Jay Goldberg is Ontario Director at the Canadian Taxpayers Federation

Imagine Ontario premier Doug Ford driving down a highway. The road is about to end in a fork. Now Ford must decide whether to head north or south.

If Ford goes north, he can get Ontario’s finances in order and finally end a years-long provincial deficit streak. But if Ford goes south, he can announce billions of dollars’ worth of new spending and allow the province to continue to barrel toward a fiscal cliff.  

According to Ontario’s Financial Accountability Office (FAO) – an independent watchdog that keeps track of government spending – Ford can balance the books as soon as next year with just a little bit of restraint.

But to achieve that outcome, Ford needs to pick the right path.

How did Ontario reach this historic fork in the road?

It all started sixteen years ago.

When former finance minister Greg Sorbara presented Ontario’s last balanced budget, Ontario’s debt stood at $143 billion. After sixteen years of reckless fiscal management, Ontario’s debt now stands at $440 billion.

Ontario is now the most indebted sub-national government in the world.

That’s right – worse than New York state and worse than California.

In the sixteen years since Ontario’s politicians last balanced the books, successive governments have tried to convince Ontarians that deficits are a good thing.

While campaigning for re-election in 2018, former premier Kathleen Wynne told Ontarians billions of dollars of more deficit spending were needed, because “if we don’t make those investments … we’ll actually pay a price down the line.”

Ontario is paying the price, albeit a different one than Wynne alluded to. Thanks to years of overindulgent spending, Ontario taxpayers are being forced to spend over $13 billion a year simply to pay interest on the province’s debt load.

That’s money going to Bay Street that ought to be left on Main Street.

When the Ford government came into office, the province’s finances were in shambles.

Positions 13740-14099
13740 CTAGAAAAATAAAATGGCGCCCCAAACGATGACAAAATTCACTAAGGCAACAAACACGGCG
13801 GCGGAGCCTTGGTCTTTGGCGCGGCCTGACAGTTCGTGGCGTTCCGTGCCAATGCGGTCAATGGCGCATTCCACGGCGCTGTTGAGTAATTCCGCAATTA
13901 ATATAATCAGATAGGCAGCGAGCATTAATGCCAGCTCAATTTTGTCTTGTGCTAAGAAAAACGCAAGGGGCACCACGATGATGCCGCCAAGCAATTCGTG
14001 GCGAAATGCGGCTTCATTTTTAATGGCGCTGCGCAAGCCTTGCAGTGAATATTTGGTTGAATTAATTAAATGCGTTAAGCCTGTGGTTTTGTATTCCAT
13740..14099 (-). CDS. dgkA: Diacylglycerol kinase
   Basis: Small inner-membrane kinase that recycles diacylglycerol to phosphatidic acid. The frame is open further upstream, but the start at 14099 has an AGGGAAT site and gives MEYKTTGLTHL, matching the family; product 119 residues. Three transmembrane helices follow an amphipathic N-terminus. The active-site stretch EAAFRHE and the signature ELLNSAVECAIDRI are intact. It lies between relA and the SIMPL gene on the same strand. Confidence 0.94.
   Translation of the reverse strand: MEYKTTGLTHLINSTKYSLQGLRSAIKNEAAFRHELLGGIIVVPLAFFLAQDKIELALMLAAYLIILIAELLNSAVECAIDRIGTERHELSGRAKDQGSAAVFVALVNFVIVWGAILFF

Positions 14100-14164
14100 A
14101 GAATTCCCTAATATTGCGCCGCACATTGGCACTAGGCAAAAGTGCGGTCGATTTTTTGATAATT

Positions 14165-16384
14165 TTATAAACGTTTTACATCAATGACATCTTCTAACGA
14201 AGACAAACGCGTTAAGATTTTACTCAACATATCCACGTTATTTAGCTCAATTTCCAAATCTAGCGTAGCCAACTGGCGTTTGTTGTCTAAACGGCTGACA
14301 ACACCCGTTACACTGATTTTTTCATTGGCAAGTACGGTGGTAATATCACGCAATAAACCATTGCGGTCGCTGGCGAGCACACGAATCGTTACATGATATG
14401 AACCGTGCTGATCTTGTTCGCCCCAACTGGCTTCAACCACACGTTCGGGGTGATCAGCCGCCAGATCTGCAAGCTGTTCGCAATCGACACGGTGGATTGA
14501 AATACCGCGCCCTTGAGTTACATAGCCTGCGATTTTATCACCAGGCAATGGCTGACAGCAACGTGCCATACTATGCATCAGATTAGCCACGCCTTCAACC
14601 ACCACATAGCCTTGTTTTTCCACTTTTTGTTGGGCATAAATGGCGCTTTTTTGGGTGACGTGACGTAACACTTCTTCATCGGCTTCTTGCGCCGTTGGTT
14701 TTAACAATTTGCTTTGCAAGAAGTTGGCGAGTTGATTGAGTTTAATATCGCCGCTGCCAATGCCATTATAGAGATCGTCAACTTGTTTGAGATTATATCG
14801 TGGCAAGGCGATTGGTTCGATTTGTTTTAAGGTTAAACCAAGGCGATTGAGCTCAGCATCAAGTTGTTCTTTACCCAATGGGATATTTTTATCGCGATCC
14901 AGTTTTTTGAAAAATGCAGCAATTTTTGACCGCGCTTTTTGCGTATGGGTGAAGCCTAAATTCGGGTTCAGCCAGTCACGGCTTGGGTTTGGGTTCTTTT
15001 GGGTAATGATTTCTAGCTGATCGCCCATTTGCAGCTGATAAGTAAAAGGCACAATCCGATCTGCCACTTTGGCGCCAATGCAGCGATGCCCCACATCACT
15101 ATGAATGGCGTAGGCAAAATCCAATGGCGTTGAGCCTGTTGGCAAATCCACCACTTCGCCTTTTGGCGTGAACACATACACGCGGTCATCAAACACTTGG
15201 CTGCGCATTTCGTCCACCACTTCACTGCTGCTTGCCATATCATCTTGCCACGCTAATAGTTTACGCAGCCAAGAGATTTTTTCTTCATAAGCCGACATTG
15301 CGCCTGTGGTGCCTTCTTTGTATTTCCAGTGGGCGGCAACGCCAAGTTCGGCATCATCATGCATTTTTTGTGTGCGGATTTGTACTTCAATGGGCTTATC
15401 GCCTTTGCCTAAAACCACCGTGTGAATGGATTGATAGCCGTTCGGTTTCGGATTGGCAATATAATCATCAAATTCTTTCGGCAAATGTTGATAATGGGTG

“The party is over with taxpayers’ money,” said Ford while running for office.

But Ford actually increased spending by $5 billion, despite claiming that Wynne’s out-of-control spending was running the province into the ground.

In retrospect, it seems only the Liberal party with taxpayers’ money had ended. The party balloons and streamers had changed from red to blue, but the spending raged on.

Once the pandemic hit, Ontario’s already reckless spending went into overdrive. In just two years, the Ford government hiked permanent government spending by $17 billion.

But against all odds, the FAO says the Ford government can balance the books next year if it holds the line on spending.

This opportunity is not due to the Ford’s government’s fiscal prudence.

Ontario is on the cusp of running a surplus next year because government revenue has grown by $12 billion since last year and is set to grow by another $8 billion by next year. Much of that will come from increased federal transfers.

With a $20-billion cash infusion, the Ford government has no excuse not to balance the books by next April.

According to the FAO, Ontario will run a surplus of $1.2 billion in 2023-24 if the Ford government exercises just a little bit of fiscal restraint.

As Ford decides which direction to turn – north toward fiscal sustainability or south toward fiscal ruin – the right pathway for the government is obvious.

Ford needs to turn north. He should present a clear plan to balance the books by next year. If he does so, Ontario’s sixteen-year deficit road trip from Hell can finally be over and the government can turn its attention to much-needed tax relief.